My city is cold, rainy, and covered in fog, and I think I love it even more for that. Except for the bit where my umbrella broke this morning.
I started Dexter Filkin’s remarkable book The Forever War a couple days ago and haven’t been able to put it down; it’s incredibly gripping, and his writing style shows far more than tells, and the showing speaks volumes. I’m about a hundred pages out from the end, but there are a couple passages that really stood out to me.
Page 35, Afghanistan 1998:
Dissent was best expressed in cars. Cars were among the few places you could feel safe talking to people. “Educated people don’t fight,” Humayun Himatyar, a shopkeeper in Kandahar, said from the driver’s seat of his parked car. he was looking straight ahead. I was in the back. “That’s why there are no schools. If you’re educated, you won’t fight. All the Taliban wants is war.” He wasn’t doing badly, he said, clearing a dollar a day. It was much worse before. Seven militias had controlled different parts of the city. “They put a tax on everything–meat, milk, bread. Even for parking your scooter they charged a tax. If you resisted, they beat you. Now the militias are gone, and if you go out at midnight, you will have no fear.”
People fought in Afghanistan, and people died, but not always in the obvious way. They had been fighting for so long, twenty-three years then, that by the time the Americans arrived the Afghans had developed an elaborate set of rules to spare as many fighters as they could. So the war could go on forever. Men fought, men switched sides, men lined up and fought again. War in Afghanistan often seemed like a game of pickup basketball, a contest among friends, a tournament where you never knew which team you’d be on when the next game got underway. On Tuesday, you might be part of fearsome Taliban regiment, running into a minefield. And on Wednesday you might be manning a checkpoint for some gang of the Northern Alliance. By Thursday you could be back with the Talibs again, holding up your Kalashnikov and promising to wage jihad forever. War was serious in Afghanistan, but not that serious. It was part of everyday life. It was a job. Only the civilians seemed to lose.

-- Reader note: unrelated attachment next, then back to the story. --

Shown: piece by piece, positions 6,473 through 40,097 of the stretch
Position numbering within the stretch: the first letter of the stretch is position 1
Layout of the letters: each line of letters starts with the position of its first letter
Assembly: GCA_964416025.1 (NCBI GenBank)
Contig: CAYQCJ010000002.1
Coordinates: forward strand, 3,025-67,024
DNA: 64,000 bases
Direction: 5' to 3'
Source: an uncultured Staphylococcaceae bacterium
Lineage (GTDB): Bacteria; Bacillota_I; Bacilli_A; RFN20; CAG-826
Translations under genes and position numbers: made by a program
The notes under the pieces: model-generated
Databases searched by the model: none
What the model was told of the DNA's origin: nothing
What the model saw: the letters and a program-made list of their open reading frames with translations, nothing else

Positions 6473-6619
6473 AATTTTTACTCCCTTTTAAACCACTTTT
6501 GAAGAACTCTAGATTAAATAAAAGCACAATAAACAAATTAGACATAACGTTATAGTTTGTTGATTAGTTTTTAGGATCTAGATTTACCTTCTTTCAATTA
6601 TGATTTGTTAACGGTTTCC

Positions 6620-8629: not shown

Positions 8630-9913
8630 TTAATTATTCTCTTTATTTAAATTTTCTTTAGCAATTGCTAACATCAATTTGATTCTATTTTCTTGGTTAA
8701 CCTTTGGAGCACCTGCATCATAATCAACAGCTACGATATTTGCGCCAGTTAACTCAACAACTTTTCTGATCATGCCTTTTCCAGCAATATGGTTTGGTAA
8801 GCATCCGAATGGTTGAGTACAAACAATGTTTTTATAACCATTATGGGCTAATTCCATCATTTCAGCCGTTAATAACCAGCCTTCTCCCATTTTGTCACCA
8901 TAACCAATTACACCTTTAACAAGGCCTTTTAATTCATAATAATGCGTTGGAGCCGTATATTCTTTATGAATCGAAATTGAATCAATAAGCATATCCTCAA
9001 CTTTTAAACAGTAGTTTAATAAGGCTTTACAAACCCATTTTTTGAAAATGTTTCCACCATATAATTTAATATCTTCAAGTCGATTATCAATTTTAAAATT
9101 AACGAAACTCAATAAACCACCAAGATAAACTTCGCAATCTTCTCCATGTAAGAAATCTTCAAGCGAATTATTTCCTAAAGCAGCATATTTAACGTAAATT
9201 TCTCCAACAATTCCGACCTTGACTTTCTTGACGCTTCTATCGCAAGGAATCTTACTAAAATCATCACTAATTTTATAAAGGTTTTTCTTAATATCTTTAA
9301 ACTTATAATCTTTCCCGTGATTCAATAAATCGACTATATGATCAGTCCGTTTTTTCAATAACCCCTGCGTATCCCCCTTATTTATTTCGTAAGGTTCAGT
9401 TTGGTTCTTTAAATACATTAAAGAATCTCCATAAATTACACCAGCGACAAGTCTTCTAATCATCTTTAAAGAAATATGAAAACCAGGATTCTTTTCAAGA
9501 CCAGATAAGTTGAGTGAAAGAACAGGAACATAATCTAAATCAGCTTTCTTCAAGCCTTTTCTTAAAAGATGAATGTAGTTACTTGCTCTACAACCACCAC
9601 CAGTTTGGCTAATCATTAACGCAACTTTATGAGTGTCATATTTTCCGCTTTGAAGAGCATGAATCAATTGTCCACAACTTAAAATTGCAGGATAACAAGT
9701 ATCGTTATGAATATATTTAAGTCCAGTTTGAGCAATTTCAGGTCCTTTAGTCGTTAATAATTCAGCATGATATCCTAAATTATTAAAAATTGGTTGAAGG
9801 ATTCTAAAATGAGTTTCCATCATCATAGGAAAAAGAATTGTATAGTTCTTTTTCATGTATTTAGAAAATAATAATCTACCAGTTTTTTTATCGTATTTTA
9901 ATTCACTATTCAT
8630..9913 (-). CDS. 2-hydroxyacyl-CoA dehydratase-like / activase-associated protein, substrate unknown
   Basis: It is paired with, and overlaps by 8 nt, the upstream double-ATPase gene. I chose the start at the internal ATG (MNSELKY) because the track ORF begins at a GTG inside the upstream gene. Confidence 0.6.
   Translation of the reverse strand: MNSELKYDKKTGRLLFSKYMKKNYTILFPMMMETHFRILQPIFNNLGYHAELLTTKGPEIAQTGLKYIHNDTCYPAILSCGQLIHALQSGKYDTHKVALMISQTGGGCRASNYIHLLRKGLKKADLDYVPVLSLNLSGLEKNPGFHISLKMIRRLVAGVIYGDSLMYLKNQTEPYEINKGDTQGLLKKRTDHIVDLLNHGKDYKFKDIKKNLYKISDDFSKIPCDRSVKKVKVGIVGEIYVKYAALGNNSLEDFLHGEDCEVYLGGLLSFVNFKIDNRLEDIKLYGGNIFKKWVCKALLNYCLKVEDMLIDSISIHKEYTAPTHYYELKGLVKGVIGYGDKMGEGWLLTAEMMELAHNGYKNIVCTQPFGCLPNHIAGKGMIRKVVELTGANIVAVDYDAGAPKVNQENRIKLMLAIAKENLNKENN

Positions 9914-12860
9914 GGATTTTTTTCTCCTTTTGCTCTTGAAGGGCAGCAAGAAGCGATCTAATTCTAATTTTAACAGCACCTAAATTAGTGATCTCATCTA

Page 80-81, Iraq 2003 onward:
Wijdan al-Khuzai’s cell phone would ring and a sinister voice would promise her a terrible end. Drop your campaign for the national assembly, the voice would tell her, or you are going to end up like the others. “Terrorist,” Khuzai would say as she snapped her cell phone shut. Sometimes as she drove around Baghdad to campaign for votes, Khuzai would glance into the rear mirror and notice a car trailing behind.
And then she would get on with her campaign. It was the winter of 2004 and hope was still thriving, even in the ruins. The first election for the new National Assembly was only a month away. There was a new secular constitution and a quarter of the seats were being set aside for women.
Khuzai, forty-seven, belonged to the Independent Progressive Movement, one of the many parties with earnest-sounding names that had come together as the elections approached. She was one of those people found in dreadful countries the world over, fearless and determined and unwilling, for reasons always unclear, to make the same calculations of personal safety as everyone else.
…Khuzai returned to Baghdad and, like many Iraqis, took up the promise of liberation. She wasn’t along, 7,471 Iraqis signed up to run for the 275 seats in the new parliament. Not many of them, though, were brave enough to campaign openly, like Khuzai, or to travel without armed guards. It wasn’t like she didn’t know what she was up against. “These people,” she told her family, “I am their worst enemy.”
An American patrol found her body on Christmas Eve 2004, on the road to Baghdad International Airport.
He was the chief, Major Ali Shamad…[he] sighed, in the weary manner of someone tired of having to explain his civilization to the unknowing. “The thing you need to understand,” the major said, “is that people on both sides of the border are related. Syrians and Iraqis–same thing.” They belonged to the same tribe, smuggled the same goods, grazed their sheep on both sides. No one had ever stopped them from doing that before. “Why don’t the Americans understand these things?”
I very much recommend it. Maybe a couple more passages as I near the end; about 2/3 of the book is about post-invasion Iraq, and the first third is about pre-invasion Afghanistan, in the ’90s around the time of the Taliban ascendancy. Filkins’ profile of Stanley McChrystal’s Long War is also excellent.
[Image by Matt Cook, via the BBC. Link takes you to a presentation of his work.]